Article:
Burial sites

Of the 1,412 men enrolled in the 3rd Michigan Infantry, we have burial locations for 1,265. The men of the Old 3rd Michigan Infantry died literally all over the United States and Canada. They are buried as far west as California and British Columbia, as far south as Key West, Florida and as far north as Montana and Maine:

Alabama 2
Arizona 1
Arkansas 2
California 24
Canada 5
Colorado 6/7
Connecticut 3
District of Columbia 32
Florida 4
Georgia 13 (11 at Andersonville)
Iowa 3
Illinois 20
Indiana 5
Kansas 18
Kentucky 1
Louisiana 1
Maine 2
Maryland 8
Massachusetts 1
Michigan 684
Minnesota 7
Mississippi 1
Missouri 8
Montana 3
Nebraska 12
New Hampshire 1
New Jersey 2
New York 37
North Carolina 6 (5 in mass grave at Salisbury)
North Dakota 1
Ohio 26
Oklahoma 8
Oregon 10
Pennsylvania 41
Rhode Island 1
South Carolina 8
South Dakota 2
Tennessee 4
Texas 6
Utah 1
Virginia 200
Washington state 15
Wisconsin 24
Wyoming 1

The great majority are buried in Michigan and Virginia, followed by Pennsylvania, New York and Ohio. In fact, at least 884 men who served in the Old 3rd Michigan Infantry, or nearly 62% of the total enrolled, died and were buried in Virginia or Michigan.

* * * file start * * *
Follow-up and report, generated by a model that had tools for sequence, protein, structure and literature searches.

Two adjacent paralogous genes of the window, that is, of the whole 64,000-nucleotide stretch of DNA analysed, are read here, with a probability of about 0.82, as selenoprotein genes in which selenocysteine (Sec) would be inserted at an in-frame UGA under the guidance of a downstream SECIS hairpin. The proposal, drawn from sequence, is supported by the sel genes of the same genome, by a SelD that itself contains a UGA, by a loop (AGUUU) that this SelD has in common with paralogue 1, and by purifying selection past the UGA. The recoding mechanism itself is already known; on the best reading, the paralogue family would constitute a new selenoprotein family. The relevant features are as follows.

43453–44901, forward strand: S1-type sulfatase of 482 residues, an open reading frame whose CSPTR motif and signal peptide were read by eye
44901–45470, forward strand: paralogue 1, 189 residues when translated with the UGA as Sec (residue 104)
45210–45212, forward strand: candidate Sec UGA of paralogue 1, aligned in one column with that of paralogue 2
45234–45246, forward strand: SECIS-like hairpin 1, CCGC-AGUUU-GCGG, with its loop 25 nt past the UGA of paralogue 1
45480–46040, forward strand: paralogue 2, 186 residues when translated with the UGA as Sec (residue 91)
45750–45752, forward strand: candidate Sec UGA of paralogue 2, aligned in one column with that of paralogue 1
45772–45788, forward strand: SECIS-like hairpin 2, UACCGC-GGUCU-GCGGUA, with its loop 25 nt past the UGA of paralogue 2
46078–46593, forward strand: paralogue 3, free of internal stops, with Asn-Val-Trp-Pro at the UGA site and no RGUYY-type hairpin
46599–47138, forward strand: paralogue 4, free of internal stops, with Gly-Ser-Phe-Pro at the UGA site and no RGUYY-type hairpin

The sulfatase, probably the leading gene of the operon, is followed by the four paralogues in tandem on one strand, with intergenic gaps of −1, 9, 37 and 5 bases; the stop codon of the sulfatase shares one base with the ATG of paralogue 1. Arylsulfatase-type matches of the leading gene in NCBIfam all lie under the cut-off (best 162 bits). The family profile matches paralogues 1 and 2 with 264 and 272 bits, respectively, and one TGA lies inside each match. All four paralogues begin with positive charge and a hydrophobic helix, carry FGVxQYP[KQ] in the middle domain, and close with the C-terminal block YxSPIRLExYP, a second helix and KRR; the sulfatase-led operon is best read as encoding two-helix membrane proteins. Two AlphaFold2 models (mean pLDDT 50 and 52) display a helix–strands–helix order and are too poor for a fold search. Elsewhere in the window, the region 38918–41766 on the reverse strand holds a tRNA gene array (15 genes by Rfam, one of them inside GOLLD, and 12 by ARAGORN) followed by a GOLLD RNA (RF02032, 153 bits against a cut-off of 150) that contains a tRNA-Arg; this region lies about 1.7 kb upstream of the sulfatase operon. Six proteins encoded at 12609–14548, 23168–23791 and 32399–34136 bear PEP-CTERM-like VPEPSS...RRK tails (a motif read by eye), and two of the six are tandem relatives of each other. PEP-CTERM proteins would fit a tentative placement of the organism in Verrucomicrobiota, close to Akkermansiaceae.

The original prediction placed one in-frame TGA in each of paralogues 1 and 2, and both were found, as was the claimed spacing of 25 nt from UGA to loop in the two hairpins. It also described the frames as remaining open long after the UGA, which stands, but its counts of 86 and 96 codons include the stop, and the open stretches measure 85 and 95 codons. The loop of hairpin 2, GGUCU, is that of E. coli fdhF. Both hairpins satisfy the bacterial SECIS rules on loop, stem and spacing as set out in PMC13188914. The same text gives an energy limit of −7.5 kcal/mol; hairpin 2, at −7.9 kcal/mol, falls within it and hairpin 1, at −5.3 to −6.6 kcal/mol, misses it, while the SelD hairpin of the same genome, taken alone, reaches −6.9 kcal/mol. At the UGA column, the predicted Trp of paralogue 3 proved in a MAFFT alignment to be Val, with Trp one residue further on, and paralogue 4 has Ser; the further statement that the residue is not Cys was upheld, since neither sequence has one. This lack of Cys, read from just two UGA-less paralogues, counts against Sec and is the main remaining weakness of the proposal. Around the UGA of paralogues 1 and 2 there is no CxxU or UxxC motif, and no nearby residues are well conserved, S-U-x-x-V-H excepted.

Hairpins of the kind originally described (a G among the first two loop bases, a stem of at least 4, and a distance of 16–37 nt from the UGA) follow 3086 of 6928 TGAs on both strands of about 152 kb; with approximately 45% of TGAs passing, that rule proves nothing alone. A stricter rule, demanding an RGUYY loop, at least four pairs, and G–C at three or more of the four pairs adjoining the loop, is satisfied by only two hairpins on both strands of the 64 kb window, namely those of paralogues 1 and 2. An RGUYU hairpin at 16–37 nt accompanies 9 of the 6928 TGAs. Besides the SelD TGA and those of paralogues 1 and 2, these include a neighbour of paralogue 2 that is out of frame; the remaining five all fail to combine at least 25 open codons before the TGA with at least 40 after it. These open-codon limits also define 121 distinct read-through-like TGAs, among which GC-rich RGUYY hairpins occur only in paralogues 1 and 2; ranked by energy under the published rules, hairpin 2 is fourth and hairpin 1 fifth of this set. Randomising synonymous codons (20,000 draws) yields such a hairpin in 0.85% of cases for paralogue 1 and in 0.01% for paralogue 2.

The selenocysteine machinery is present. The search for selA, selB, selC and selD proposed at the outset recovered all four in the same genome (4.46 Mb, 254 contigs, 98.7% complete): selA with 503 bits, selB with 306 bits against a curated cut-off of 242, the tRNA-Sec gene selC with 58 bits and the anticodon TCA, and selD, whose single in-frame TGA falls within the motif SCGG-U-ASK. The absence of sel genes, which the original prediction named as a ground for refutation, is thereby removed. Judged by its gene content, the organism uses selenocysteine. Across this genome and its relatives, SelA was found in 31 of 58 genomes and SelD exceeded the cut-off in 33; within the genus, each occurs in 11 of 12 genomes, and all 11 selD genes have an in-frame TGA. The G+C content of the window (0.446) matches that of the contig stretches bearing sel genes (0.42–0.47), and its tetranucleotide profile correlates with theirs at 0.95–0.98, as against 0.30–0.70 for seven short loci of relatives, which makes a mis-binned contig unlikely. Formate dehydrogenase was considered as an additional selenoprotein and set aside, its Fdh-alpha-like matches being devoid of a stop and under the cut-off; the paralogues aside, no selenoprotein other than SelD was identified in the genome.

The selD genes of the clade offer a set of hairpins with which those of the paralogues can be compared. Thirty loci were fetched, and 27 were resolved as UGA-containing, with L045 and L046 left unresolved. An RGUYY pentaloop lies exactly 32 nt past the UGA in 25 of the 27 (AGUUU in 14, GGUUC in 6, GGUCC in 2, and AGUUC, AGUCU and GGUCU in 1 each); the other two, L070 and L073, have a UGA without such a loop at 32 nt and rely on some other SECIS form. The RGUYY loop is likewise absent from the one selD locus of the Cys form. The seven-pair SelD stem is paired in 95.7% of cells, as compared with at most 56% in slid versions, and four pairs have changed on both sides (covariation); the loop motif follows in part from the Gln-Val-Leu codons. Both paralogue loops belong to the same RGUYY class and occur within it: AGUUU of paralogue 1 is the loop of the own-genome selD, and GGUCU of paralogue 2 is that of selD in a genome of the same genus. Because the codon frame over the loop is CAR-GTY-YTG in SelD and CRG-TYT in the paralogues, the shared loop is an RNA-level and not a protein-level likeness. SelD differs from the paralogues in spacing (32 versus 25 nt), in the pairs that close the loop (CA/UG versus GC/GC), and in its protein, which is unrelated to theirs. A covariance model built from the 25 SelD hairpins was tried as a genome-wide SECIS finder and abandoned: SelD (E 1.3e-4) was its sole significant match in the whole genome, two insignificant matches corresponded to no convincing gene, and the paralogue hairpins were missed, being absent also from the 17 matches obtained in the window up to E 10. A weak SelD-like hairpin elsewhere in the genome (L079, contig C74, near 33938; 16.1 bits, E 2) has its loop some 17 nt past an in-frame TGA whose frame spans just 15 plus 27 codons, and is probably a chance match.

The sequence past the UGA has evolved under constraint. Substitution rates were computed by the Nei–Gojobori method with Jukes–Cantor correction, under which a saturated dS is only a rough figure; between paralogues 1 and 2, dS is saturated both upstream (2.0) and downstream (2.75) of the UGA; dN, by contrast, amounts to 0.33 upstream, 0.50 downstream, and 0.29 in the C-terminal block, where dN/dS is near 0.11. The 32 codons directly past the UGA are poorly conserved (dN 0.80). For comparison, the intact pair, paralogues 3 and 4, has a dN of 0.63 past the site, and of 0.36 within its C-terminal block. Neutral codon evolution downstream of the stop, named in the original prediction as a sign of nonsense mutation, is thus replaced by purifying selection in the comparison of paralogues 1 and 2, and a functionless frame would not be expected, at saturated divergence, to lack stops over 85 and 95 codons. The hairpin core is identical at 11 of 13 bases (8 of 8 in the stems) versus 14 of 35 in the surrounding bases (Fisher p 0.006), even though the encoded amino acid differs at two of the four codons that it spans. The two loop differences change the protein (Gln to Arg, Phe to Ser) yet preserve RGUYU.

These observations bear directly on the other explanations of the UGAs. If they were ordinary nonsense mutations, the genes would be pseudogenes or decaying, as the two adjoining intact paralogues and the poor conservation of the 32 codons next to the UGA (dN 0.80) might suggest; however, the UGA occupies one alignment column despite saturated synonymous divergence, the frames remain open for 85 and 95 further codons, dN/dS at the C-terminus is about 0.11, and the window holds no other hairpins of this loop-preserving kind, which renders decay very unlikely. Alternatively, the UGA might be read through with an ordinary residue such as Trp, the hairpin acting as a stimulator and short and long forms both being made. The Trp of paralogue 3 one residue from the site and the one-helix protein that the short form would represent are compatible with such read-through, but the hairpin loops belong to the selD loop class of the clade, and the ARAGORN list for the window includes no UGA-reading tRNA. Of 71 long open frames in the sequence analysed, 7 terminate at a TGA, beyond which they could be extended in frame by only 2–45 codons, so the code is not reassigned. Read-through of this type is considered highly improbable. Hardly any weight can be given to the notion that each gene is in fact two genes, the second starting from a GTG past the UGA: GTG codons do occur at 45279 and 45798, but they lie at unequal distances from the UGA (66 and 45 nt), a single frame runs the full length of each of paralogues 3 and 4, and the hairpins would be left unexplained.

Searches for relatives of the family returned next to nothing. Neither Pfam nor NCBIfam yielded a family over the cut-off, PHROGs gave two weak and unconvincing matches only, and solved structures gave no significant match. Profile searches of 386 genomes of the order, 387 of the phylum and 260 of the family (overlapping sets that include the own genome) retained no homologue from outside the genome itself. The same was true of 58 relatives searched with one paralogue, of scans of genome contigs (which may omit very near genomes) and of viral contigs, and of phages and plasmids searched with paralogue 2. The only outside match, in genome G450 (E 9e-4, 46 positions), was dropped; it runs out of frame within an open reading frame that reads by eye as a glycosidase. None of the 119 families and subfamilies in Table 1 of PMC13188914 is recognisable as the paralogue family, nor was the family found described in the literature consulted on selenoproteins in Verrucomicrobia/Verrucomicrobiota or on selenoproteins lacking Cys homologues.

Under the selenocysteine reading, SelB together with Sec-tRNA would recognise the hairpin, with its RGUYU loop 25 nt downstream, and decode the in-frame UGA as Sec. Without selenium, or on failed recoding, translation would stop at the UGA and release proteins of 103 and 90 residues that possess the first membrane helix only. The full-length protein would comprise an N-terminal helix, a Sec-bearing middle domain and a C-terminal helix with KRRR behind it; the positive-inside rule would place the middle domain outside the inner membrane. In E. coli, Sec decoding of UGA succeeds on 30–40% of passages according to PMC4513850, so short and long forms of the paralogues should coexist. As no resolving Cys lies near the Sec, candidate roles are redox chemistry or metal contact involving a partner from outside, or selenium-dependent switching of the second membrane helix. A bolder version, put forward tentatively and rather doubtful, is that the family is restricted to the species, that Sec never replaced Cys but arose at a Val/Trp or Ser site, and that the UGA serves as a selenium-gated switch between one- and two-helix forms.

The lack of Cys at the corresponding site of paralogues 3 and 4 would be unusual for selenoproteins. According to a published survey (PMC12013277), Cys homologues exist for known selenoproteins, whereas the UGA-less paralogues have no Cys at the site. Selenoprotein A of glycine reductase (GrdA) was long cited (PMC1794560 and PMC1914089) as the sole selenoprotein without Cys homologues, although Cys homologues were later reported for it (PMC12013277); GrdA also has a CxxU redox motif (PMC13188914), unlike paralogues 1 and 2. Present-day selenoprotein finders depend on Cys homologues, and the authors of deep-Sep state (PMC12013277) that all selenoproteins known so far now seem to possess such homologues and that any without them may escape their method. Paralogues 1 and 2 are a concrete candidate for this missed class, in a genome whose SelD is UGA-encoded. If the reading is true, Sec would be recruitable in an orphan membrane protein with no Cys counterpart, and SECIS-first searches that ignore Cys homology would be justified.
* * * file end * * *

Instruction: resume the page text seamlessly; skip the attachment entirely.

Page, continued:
Of the 684 men reportedly buried in Michigan, by far the largest number (208) are found in Kent County, and of that number 43 are buried in the “Michigan Soldiers’ Home” Cemetery in Grand Rapids.

After Kent, the Michigan counties with the next highest number of burials are Ottawa (53), Ionia (50), Barry (37), Muskegon (27) and Newaygo (23).

Unknown
Many of the 195 men buried in Virginia are probably interred in unknown graves scattered throughout the state, like so many thousands of soldiers.

For example, it is likely that of the estimated 35 men who died at Fair Oaks, Virginia, on May 31, 1862, all are interred in Seven Pines National Cemetery, although we know exact locations for only a fraction of that number. And the men who died at Groveton on August 29, 1862, their remains were reportedly brought to Arlington National Cemetery and interred in a mass grave very close to the Custis-Lee mansion.

The fact that so many men who died in prison camps remain listed as "unknown" is well-established. However, it is also quite likely that several of the Old 3rd soldiers who returned to Michigan during the war and died at home today rest in unmarked graves. This is particularly true for Samuel Camp in Lamont, Ottawa County, Francis Barlow, Henry Kampe and William Gibson in Grand Rapids, as well as Chauncey Strickland probably in Clinton County.